An Interview with Eeva Primmer, Research Director, Finnish Environmental Institute (SYKE)
Forests are among our planet’s most important human life-supporting ecosystems, and we have many expectations with regards to the ecosystem services they provide. But: How do major global challenges such as climate change and biodiversity loss affect forests globally, and what can forest governance and management do? How can we deal with rising and changing demands for forest products and ecosystem services due to global population and economic growth, and urbanization?
In order to discuss these questions, the conference “Governing and managing forests for multiple ecosystem services” brought together policymakers, practitioners and academic researchers from different fields on 26-28 February in Bonn. During this event, EFI in collaboration with the documentary filmmaker Patrick Augenstein, interviewed Eeva Primmer, Research Director, Finnish Environmental Institute (SYKE).
Growing up on a small farm in Southern Finland and later working in Zambia for many years, Eeva and other inhabitants lived with nature. Learning to adapt to extreme weather events and other changes Eeva says has been a very formative experience for her.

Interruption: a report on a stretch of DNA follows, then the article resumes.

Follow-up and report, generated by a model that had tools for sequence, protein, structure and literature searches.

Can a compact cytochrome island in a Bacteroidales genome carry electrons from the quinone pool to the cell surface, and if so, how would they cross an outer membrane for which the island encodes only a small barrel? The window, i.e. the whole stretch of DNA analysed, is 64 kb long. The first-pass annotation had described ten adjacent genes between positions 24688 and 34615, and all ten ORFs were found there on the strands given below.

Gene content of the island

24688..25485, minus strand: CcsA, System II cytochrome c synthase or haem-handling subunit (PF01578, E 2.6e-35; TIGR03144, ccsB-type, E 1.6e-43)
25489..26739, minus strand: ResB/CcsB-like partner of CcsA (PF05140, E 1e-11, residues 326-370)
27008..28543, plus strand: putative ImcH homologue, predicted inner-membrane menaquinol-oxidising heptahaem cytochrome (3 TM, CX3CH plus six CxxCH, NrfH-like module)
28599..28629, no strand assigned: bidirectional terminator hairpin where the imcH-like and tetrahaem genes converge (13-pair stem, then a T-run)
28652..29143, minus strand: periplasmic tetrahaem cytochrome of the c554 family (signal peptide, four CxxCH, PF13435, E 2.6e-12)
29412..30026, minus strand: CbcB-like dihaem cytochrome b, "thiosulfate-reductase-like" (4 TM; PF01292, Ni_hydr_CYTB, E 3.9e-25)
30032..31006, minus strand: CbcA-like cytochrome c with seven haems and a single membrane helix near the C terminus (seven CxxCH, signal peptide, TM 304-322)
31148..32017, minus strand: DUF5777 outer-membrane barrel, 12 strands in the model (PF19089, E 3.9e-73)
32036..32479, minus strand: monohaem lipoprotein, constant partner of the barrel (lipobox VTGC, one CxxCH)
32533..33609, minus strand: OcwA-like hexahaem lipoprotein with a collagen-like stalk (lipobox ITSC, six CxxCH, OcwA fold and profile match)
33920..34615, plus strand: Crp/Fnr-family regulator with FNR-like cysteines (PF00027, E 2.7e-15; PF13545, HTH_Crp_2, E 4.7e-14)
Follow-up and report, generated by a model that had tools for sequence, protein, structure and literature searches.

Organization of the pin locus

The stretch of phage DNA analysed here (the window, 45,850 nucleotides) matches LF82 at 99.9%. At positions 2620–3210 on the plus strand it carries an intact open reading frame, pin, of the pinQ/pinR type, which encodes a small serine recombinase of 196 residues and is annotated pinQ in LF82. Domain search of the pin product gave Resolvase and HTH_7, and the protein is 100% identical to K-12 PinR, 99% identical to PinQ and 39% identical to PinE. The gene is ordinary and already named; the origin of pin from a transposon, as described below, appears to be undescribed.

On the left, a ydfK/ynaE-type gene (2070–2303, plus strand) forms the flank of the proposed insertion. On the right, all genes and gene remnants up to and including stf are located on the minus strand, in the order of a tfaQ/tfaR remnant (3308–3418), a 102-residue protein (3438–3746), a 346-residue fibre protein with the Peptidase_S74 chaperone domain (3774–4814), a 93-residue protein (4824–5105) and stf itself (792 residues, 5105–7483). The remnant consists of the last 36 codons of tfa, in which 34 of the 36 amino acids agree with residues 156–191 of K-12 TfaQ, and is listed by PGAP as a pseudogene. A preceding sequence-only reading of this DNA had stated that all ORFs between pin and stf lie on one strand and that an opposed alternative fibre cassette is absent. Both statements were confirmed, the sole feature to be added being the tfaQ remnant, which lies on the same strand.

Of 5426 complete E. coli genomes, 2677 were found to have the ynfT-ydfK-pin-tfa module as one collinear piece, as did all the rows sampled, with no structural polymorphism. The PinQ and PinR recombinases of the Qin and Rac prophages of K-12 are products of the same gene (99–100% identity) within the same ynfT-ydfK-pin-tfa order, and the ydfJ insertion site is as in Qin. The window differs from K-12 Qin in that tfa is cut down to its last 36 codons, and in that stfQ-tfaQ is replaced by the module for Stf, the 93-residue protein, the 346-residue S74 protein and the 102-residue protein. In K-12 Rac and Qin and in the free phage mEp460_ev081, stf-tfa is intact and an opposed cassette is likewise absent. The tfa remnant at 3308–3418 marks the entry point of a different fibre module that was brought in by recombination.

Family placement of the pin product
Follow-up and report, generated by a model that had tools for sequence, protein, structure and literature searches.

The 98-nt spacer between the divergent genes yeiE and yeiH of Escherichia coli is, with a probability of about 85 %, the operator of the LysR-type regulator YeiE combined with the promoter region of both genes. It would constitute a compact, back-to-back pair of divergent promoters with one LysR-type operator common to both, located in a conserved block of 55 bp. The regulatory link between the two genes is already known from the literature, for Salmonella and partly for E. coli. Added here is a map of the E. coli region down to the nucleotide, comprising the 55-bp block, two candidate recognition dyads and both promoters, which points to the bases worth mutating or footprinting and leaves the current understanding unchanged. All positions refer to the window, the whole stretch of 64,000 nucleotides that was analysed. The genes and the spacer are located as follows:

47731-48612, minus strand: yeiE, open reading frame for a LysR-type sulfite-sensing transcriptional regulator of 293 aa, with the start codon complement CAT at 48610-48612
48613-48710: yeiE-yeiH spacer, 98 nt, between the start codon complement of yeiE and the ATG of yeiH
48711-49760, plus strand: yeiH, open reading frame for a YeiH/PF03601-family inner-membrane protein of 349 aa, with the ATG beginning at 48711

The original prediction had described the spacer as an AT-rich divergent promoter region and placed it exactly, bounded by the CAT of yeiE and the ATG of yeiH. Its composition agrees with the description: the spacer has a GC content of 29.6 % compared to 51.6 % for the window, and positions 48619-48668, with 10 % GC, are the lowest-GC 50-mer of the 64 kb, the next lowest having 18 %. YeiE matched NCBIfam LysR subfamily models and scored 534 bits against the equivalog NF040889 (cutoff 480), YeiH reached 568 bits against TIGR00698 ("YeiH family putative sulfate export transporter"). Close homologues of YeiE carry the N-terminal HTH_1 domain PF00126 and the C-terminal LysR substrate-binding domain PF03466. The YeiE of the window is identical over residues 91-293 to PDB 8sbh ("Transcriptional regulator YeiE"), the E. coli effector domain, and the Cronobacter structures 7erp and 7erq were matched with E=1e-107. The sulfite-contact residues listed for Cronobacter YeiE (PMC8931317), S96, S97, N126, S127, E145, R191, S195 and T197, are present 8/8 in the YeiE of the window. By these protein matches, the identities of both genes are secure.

Now as an environmental policy researcher, Eeva brought to the conference insights of what political science can contribute to discussions of the sustainable delivery of multiple ecosystem services.
“What this discipline has to offer is structuring the problems, noticing who says what, and noticing trends in the ecosystem. Who benefits from changes in the ecosystem and also who loses and then how this changes if you change the mechanisms by which you govern a system”Eeva Primmer
Eeva also addresses the large disciplinary divide between preservation and sustainable management. She gives an example of the conflict between the forestry, biodiversity, and climate mitigation sector, and explains that if we want to see an increase in sustainability we must bring the discourses together. This, in addition to arguments over how to utilize trees, is what she attributes to the lack of progress in restoration.
Eeva’s wish for the future of the planet follows along this path. She hopes that we will understand our dependence on sustainable ecosystems and recognize their sustainability is increased by collaboration among sectors. She recommends that we should reimagine forests as complex systems which can serve multiple functions, but not necessarily the same ones in each forest. “Forests are not a technical unit” she says; therefore, you cannot design a one-size fits all management policy. Instead she calls for the thoughtful design of management practices with the inclusion of local people, including the indigenous.